Reflecting on Mortality

Reflecting on Mortality

The recent passing of my Uncle has stirred in me deeper reflections on life and mortality. He was not a great man, nor an evil one – simply a man who led a messy, imperfect life, but who nonetheless found glimmers of happiness and meaning amidst the suffering and struggle. His death, more viscerally than others I’ve experienced, reminds me that our time on this Earth is finite.

It’s easy, in the day-to-day, to ignore our mortality. We sail through life feeling invincible, until a health scare or tragedy pierces that illusion. A sudden cancer diagnosis, worrying chest pains, or the loss of someone close to us – these jolt us into awareness of life’s fragility, sending us spiraling into anxiety as we scour WebMD and imagine all the maladies that could claim us.

But what if, instead of careening between obliviousness and panic, we cultivated a healthier relationship with our mortality? What if some ritual or practice could keep us mindful that our days are numbered, inspiring us to live more intentionally and prepare pragmatically for death? I believe developing such a mindset brings a newfound sense of perspective and peace.

For myself, this means first getting my affairs in order while I’m still able. It’s alarming how often people pass without even a basic will in place, burdening their families with the costs of the funeral and the ugly battles over money and possessions. I refuse to leave my loved ones in such a lurch. For their sake, I’m committed to building up robust college funds for my kids, paying down debt, and ensuring my wife has income if I’m gone. Taking care of the finances is step one.

But equally crucial is planning for the intangibles. If I die, how will my business and creative endeavors carry on? Who will take the reins on my unfinished projects? I need to map out that continuity now, to minimize the loose ends left behind. Moreover, I must bequeath to my children not just money, but a philosophical inheritance – my values, my dreams for their lives, my belief in the richness of this world. I want to instill in them a love for learning, wanderlust for travel, a passion for music and art. That means penning letters to their future selves, curating reading lists, and connecting them with mentors and experiences to nourish those ideals.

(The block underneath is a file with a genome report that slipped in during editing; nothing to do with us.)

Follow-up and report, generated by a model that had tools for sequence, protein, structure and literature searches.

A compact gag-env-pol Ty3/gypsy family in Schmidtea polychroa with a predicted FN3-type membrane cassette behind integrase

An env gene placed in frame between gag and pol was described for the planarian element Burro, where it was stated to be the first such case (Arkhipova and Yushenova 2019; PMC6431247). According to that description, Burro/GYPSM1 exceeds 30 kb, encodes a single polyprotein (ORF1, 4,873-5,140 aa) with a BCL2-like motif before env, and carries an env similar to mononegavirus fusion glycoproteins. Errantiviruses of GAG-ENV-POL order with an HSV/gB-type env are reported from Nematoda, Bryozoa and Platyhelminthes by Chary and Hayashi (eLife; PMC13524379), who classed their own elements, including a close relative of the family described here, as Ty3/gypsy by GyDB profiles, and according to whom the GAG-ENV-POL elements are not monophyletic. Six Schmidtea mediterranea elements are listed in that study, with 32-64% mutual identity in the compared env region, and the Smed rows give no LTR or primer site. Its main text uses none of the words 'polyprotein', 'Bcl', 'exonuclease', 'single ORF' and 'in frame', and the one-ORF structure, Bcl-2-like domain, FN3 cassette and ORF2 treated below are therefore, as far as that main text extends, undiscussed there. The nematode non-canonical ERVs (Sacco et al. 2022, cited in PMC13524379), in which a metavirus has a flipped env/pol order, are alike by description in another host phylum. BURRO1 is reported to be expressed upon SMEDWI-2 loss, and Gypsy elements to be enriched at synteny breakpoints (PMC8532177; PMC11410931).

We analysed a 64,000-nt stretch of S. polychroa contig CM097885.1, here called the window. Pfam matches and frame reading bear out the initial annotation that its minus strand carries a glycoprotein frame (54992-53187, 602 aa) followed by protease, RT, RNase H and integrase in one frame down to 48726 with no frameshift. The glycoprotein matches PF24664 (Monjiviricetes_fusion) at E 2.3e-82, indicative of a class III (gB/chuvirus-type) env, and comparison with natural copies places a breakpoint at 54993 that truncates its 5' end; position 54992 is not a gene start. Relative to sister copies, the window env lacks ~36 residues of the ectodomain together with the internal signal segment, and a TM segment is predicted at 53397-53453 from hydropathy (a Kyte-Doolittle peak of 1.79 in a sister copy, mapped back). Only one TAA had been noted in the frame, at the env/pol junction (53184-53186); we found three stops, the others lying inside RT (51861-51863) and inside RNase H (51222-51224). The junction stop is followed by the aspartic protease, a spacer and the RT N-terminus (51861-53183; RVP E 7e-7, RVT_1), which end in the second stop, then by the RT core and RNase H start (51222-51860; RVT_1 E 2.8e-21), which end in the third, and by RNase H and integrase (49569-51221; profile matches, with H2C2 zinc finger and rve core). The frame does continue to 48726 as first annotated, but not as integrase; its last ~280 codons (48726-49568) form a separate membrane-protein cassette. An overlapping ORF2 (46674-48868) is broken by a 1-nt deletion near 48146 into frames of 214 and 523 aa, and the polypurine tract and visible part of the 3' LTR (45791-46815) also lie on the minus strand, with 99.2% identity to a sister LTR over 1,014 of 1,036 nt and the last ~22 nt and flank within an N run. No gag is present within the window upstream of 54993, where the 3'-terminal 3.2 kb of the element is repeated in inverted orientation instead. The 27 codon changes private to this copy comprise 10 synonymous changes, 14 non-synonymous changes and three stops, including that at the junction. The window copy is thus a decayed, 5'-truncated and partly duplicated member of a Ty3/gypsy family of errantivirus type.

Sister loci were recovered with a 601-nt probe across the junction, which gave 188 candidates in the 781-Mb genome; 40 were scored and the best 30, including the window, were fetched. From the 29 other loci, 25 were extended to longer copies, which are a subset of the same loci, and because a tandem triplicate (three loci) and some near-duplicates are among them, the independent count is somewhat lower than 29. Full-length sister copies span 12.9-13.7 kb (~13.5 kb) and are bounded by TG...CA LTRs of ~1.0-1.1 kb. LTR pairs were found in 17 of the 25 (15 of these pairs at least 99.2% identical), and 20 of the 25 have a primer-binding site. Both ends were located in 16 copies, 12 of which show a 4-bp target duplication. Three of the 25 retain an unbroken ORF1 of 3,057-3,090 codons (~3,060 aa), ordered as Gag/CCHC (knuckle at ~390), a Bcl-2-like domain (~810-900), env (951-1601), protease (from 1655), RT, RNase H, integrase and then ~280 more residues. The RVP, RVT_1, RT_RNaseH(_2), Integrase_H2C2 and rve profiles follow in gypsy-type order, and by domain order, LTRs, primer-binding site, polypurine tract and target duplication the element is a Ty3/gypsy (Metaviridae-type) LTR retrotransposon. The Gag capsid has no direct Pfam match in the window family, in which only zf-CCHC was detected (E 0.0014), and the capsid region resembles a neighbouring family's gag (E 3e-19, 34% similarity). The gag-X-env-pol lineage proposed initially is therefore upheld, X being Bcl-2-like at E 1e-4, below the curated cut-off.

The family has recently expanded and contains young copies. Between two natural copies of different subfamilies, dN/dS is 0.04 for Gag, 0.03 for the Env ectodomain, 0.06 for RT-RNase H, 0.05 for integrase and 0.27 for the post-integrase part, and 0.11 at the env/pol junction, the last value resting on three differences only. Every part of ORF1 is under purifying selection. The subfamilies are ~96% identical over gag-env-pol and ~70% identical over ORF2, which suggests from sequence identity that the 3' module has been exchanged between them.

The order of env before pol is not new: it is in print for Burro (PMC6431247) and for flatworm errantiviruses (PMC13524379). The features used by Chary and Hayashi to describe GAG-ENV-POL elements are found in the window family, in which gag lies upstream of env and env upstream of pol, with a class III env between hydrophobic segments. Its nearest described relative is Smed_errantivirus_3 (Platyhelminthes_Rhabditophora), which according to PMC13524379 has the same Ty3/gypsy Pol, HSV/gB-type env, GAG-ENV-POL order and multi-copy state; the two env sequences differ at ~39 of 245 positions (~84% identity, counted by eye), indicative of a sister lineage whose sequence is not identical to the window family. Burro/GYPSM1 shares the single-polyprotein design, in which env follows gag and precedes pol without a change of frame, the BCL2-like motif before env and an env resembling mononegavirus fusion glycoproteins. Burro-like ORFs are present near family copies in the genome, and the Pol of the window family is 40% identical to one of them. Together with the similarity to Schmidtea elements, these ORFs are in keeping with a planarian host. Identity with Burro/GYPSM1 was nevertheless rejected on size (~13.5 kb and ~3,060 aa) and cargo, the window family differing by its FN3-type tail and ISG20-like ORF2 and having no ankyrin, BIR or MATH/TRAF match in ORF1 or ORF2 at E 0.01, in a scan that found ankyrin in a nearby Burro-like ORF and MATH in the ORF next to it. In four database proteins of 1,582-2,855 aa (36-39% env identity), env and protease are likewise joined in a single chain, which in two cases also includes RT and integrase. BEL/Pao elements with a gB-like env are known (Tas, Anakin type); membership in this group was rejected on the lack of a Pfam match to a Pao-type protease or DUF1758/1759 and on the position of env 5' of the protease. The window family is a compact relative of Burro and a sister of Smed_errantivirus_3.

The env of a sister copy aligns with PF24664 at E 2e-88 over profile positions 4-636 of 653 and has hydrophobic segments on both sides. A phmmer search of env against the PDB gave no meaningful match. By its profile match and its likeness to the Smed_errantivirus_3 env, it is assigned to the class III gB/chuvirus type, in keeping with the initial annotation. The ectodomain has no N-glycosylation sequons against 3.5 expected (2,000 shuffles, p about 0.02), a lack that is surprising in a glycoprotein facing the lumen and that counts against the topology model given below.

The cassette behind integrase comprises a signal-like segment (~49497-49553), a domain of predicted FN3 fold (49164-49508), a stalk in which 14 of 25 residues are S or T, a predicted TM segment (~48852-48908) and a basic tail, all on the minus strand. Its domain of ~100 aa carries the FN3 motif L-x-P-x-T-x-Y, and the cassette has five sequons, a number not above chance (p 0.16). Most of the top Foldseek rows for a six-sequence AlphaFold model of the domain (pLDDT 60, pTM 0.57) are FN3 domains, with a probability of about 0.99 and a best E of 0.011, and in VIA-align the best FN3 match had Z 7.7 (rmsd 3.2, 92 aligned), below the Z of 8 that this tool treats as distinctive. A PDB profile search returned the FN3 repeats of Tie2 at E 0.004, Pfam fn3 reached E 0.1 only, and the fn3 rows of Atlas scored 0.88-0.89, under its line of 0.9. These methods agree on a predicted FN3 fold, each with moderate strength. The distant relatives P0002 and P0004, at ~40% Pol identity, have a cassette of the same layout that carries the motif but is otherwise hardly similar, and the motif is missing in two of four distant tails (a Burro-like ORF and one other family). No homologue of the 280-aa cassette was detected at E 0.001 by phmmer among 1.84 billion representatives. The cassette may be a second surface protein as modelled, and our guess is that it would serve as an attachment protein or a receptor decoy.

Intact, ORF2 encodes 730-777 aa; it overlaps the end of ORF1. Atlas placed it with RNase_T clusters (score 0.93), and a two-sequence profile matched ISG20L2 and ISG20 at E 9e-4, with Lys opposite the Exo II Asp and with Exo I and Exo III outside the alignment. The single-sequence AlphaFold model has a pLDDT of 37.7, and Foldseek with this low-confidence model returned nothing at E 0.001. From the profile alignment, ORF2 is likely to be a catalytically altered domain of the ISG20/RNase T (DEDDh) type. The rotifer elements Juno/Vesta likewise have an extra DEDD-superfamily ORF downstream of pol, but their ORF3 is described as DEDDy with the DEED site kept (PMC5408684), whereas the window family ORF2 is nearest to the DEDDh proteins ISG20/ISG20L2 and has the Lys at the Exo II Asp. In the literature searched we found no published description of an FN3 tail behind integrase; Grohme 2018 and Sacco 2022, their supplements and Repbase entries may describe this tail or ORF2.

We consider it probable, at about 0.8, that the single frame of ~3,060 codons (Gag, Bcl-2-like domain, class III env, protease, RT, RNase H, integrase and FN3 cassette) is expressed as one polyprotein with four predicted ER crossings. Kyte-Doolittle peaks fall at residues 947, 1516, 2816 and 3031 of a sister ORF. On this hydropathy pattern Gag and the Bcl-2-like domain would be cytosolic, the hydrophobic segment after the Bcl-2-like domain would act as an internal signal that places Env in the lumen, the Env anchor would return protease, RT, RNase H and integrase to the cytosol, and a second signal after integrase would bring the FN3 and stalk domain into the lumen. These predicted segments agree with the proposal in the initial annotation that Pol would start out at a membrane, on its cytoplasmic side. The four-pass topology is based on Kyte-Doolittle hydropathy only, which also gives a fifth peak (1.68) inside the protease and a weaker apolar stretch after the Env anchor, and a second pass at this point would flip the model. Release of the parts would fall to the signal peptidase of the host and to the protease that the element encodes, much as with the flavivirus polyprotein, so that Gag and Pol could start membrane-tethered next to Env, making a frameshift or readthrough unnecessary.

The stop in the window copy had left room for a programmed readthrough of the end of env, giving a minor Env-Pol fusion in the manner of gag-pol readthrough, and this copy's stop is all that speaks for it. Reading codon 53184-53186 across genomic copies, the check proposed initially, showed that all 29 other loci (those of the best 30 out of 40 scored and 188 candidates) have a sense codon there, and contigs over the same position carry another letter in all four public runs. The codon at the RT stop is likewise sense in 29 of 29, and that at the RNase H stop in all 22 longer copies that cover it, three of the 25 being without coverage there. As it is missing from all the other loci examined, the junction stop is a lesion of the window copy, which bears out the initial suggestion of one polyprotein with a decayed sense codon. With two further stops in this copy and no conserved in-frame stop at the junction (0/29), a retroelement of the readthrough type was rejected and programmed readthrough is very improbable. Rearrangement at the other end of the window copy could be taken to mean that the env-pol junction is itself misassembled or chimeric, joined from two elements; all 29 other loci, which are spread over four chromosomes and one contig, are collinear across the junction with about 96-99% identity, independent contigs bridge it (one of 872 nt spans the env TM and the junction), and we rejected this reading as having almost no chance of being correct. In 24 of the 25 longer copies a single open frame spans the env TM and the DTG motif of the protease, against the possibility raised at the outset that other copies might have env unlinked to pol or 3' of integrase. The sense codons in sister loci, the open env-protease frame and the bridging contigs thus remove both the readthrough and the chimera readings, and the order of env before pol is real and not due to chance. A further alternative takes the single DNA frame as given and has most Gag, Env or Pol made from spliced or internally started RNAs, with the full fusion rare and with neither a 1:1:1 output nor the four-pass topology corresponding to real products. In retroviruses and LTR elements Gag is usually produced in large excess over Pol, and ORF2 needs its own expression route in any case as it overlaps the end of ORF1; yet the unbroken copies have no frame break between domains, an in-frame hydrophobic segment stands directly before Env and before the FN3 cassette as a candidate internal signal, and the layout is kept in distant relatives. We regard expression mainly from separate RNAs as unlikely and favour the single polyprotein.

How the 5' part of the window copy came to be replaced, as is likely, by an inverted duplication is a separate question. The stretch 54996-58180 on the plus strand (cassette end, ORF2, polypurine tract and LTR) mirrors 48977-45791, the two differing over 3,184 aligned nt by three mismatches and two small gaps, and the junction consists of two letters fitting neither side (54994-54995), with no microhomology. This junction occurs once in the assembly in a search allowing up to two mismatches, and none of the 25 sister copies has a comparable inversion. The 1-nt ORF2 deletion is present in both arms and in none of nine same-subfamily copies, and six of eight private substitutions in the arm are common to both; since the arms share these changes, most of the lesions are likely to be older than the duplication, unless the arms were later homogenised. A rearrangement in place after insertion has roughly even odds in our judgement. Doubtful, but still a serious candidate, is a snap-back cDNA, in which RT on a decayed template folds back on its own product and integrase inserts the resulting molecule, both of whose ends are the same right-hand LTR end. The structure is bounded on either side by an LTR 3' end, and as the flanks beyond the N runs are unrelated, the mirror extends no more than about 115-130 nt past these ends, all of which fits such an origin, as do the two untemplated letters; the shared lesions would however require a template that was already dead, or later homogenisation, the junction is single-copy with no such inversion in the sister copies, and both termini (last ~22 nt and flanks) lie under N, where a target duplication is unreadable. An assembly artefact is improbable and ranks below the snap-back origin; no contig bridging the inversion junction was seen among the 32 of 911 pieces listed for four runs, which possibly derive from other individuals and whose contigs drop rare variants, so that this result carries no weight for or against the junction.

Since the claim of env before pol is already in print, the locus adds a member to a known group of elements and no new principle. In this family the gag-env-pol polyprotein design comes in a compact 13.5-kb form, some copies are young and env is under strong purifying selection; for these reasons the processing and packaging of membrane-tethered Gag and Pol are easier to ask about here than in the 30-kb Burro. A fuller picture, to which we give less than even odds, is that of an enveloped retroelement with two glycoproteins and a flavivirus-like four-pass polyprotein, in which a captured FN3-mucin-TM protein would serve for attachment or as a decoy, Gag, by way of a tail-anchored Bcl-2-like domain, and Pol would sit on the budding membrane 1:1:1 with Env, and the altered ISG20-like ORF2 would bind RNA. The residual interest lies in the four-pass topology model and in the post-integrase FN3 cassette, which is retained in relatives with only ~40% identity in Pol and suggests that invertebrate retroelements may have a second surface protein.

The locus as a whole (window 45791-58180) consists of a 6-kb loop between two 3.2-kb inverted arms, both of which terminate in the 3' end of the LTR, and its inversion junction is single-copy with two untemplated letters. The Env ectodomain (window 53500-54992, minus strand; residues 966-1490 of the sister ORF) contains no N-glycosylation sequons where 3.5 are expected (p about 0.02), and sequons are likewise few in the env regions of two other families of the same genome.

Perhaps most sobering of all, I need to envision my own exit and make those tough decisions for my family now, to spare them that anguish later. Decide how any assets will be divided so there’s no cause for quarrels. Choose what keepsakes to bestow on whom so my treasures become theirs. Ensure they’ll have not just financial stability, but emotional support and strong role models to lean on. My boys deserve that safety net of love.

But in contemplating the end, I’ve realized the most vital piece is how I live in the meantime. Yes, my family needs me to have a will, to build up savings, to say my goodbyes. But more than that, they need me to be present, to be my best self, to show them what it means to thrive. Staring down mortality has taught me that preparing for death is really about embracing life fully, chasing my potential, and growing into the man and father I want to be. It’s about modeling for my kids how to navigate adversity and wrest joy from this existence. Only then can I face the end with peace, knowing I’ve paved a path for them.

So as the grief of loss mingles with musings on my own inevitable passing, I arrive at this truth: the way to master our fate is not to evade death, but to truly inhabit the life we have. We can’t control when we exit this world, but we can pour our souls into every day above ground – doing work we’re proud of, making memories with those we cherish, evolving into wiser and kinder versions of ourselves. Let us plant the seeds now of love, resilience, and purpose. Then, when death does come knocking, our legacy will be a garden in full bloom, nourishing the earth we leave behind.

As told to Ruthless Magazine